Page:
‘Climatarians’ Choose Diet to Fight Climate Change
A new diet for “climatarians” or “climavores” seeks to battle climate change by the types of food people eat that allegedly reduce carbon footprints.
These “climatarians” will typically avoid foods that come with plastic packaging, have been imported, or simply has a a higher “carbon footprint.” Such foods include: red meat, chocolate, avocados, sugar, and — gasp — coffee.
“The ‘eat local’ mantra is being replaced by the notion that what you eat is more important — since transportation is sometimes just a small part of your meal’s carbon footprint,” noted Axios.
Certain restaurant chains like Just Salad, Chipotle, and Panera Bread have begun to place “carbon labels” on food items that do not quite meet the green agenda. Just Salad might even go so far as to add a “climatarian” filter on its app. Paco Underhill, author of the book How We Eat, said items as simple as blueberries could have a massive carbon footprint.
“If you walk into your local Stop & Shop in the middle of January, those blueberries have been traveling for 10 days and probably started out in Ecuador,” Paco told Axios. “There’s a nascent movement, particularly anchored in younger people, that is recognizing that.”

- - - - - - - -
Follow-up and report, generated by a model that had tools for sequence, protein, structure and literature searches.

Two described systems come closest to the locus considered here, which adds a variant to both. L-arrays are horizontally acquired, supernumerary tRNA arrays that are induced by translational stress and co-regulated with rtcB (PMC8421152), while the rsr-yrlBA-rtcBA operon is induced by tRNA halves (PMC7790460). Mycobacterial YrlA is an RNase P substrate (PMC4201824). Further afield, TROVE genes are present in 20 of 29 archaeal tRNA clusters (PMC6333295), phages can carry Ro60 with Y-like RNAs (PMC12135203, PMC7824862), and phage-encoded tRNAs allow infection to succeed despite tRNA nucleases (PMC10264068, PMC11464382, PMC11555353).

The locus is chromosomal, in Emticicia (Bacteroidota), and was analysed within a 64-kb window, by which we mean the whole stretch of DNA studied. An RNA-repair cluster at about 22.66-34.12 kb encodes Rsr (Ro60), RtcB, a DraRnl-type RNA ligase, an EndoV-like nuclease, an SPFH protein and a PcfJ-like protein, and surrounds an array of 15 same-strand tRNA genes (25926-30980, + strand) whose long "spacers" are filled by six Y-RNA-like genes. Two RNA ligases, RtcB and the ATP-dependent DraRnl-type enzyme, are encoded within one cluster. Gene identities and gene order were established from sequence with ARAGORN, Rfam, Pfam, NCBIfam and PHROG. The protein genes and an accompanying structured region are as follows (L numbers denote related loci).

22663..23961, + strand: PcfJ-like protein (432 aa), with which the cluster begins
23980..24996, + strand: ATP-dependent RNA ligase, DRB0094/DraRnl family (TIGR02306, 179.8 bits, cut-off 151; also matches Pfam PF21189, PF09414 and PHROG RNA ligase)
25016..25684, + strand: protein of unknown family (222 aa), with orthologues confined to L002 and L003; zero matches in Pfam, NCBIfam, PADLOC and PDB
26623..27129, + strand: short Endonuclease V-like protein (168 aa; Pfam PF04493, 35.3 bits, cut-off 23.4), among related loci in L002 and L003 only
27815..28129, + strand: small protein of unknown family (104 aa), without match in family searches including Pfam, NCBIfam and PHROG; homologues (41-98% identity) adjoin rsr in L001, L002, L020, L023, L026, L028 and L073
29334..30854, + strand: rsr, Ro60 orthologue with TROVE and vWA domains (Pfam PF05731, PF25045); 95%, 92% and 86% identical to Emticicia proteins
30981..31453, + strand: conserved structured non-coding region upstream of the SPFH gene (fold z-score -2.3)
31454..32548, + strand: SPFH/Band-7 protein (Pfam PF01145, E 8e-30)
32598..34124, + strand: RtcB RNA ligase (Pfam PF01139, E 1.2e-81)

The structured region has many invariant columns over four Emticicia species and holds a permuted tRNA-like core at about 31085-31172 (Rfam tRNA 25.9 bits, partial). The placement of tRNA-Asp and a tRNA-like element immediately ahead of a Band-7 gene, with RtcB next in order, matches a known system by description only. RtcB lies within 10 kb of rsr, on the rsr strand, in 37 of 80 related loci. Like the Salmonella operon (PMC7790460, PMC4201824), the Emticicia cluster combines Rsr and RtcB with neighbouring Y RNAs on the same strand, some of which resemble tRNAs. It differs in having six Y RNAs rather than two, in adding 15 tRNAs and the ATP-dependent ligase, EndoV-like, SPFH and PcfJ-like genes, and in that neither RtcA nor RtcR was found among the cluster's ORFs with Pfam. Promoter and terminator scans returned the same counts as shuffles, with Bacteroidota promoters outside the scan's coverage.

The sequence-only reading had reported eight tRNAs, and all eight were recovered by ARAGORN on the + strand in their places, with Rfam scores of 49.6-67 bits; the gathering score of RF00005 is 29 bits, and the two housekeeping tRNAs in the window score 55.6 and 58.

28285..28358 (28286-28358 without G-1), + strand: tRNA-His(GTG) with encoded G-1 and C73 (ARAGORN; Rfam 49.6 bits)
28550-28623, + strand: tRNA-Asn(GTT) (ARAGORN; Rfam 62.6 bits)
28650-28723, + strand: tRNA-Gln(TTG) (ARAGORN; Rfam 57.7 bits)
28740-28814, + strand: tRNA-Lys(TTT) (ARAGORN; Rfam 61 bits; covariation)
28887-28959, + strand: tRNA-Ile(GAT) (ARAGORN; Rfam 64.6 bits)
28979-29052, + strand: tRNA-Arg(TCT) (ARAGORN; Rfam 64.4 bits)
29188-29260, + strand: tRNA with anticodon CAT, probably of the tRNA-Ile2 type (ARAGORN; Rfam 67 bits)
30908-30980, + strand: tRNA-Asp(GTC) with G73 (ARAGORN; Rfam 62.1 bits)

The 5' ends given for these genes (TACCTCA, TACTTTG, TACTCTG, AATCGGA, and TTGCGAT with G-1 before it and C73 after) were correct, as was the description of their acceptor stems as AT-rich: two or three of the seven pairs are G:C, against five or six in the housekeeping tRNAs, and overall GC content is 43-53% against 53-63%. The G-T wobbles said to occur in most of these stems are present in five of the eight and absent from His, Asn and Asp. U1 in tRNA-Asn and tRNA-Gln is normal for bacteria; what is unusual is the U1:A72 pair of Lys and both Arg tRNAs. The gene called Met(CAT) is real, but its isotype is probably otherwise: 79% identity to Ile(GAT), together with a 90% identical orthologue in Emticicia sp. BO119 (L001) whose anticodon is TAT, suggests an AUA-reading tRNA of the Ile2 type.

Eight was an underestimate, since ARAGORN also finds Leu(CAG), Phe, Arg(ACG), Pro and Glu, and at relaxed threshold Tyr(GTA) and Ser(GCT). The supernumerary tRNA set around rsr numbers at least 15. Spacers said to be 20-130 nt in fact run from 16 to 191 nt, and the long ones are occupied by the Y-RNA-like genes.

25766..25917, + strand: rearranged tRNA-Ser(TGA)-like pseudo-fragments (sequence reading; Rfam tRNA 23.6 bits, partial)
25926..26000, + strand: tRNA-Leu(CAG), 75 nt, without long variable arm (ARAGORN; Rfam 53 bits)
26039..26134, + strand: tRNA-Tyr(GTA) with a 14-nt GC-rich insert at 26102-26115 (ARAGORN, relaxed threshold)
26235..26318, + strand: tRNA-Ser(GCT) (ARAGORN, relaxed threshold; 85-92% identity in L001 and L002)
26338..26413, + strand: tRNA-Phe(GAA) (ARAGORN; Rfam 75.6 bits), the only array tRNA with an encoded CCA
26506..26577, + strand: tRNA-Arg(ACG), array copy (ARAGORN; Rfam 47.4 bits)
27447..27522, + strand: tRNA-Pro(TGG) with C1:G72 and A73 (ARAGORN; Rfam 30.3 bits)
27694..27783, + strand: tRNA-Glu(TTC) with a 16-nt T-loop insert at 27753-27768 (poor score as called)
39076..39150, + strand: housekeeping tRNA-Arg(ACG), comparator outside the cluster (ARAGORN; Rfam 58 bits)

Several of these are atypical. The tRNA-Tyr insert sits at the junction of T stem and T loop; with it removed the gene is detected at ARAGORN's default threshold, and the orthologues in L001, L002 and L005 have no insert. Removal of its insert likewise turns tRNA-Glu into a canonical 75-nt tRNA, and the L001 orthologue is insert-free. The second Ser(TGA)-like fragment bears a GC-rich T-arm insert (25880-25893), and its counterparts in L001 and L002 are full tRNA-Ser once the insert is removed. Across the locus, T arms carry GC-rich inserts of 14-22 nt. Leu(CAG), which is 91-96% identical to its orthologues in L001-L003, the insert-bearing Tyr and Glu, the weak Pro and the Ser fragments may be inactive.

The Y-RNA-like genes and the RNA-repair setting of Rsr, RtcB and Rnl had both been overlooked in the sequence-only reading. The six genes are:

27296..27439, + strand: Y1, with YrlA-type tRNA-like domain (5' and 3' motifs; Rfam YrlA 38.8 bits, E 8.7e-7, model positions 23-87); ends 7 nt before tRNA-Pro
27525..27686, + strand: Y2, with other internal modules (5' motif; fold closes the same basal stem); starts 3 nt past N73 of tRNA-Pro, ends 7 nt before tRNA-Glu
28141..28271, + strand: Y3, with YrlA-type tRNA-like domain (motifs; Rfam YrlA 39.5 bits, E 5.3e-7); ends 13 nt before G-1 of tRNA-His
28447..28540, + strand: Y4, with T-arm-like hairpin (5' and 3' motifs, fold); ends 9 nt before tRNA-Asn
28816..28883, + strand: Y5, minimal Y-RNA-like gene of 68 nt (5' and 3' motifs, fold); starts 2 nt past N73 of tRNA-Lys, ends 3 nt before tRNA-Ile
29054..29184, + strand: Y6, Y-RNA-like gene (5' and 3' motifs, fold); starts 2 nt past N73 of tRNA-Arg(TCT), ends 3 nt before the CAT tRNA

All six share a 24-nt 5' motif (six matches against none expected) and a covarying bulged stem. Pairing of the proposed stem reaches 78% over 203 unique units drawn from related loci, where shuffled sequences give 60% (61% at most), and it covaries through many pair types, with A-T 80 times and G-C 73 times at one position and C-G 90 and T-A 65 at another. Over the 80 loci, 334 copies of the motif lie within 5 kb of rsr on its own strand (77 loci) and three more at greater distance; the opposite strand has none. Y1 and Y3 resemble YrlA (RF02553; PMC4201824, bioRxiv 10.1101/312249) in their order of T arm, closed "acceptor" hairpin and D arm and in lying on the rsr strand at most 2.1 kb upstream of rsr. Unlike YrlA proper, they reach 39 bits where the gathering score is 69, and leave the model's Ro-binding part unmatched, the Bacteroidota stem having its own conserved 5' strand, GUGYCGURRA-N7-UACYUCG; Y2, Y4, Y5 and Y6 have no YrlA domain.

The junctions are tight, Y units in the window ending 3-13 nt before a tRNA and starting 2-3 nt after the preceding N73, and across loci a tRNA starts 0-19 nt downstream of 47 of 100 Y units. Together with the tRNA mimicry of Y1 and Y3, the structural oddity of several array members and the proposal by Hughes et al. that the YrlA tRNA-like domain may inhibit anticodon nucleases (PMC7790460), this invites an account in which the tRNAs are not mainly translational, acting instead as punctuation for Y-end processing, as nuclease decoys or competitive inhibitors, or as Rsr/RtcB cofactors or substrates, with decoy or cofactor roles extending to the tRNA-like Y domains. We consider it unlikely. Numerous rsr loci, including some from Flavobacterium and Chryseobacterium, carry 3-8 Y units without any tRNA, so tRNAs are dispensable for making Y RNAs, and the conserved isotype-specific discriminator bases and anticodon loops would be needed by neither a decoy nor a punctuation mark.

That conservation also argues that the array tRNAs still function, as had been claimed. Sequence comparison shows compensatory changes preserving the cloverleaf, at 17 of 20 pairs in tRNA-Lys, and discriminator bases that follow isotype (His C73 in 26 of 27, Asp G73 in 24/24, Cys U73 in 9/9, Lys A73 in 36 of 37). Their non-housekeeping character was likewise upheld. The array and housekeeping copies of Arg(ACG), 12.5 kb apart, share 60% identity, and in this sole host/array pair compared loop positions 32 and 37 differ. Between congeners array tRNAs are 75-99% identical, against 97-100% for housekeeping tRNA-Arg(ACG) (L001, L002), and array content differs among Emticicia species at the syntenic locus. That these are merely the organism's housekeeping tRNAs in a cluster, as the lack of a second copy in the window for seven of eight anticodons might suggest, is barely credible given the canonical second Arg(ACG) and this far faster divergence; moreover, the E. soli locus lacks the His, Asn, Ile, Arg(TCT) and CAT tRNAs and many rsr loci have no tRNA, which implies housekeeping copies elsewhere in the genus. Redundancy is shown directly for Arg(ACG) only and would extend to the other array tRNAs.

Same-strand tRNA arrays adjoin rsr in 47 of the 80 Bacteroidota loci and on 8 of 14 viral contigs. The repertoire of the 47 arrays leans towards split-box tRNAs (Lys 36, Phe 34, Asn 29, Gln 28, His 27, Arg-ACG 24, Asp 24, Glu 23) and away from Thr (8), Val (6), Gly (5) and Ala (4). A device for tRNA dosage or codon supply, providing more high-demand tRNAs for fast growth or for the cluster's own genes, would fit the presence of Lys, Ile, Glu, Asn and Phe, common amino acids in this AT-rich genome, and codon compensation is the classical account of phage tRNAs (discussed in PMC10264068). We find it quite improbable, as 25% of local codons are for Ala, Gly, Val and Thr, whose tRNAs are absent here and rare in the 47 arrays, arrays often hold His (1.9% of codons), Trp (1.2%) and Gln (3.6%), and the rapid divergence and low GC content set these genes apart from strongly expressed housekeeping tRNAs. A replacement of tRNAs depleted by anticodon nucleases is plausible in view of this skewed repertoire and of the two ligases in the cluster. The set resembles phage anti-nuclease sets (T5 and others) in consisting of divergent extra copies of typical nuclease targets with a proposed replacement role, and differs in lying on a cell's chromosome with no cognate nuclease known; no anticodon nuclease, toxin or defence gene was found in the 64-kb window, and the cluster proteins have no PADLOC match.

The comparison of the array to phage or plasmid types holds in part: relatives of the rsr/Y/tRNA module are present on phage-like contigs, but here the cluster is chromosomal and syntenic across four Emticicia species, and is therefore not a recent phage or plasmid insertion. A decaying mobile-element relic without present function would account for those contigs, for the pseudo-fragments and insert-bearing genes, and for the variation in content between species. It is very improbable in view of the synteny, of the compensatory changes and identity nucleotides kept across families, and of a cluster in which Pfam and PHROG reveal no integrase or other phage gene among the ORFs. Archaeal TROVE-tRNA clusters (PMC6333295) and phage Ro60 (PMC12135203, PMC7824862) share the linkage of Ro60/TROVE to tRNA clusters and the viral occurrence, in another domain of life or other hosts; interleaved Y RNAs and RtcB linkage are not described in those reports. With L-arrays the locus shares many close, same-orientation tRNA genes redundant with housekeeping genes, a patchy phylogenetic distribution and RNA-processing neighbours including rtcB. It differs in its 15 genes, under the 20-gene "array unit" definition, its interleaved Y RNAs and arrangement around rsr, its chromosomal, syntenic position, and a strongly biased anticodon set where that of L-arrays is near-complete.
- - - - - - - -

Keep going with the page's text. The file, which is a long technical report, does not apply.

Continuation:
A Fresh Market report said “Climatarians” have a wide range of flexibility as to what constitutes a truly “green” diet. “Participation can include everything from eating pasture-raised to buying more local and organic ingredients, to reduce carbon emissions from transport to eating a plant-based diet with crops that are good for soil,” it said.
The New York Times also profiled the “rise of the climatarian” in 2021. Torben Lonne, a 34-year-old scuba diver in Copenhagen, said that avocados can be “carbon-intensive.”
“Avocados that are made for export are incredibly carbon-intensive, especially when you consider farm to plate is actually several thousand kilometers away,” Lonne said. “Aside from the logistics, avocado farms have depleted many rivers and lakes, particularly in South America, in order to sustain our voracious appetite for guacamole.”
“Those who follow the diet stick with fruits and vegetables that are in season relative to their region; they avoid meat that comes from factory farms; and they seek local ingredients because those have lower carbon footprints,” noted the Times. “Many reducetarians are also climatarians: cutting back because they’re concerned about the climate crisis.”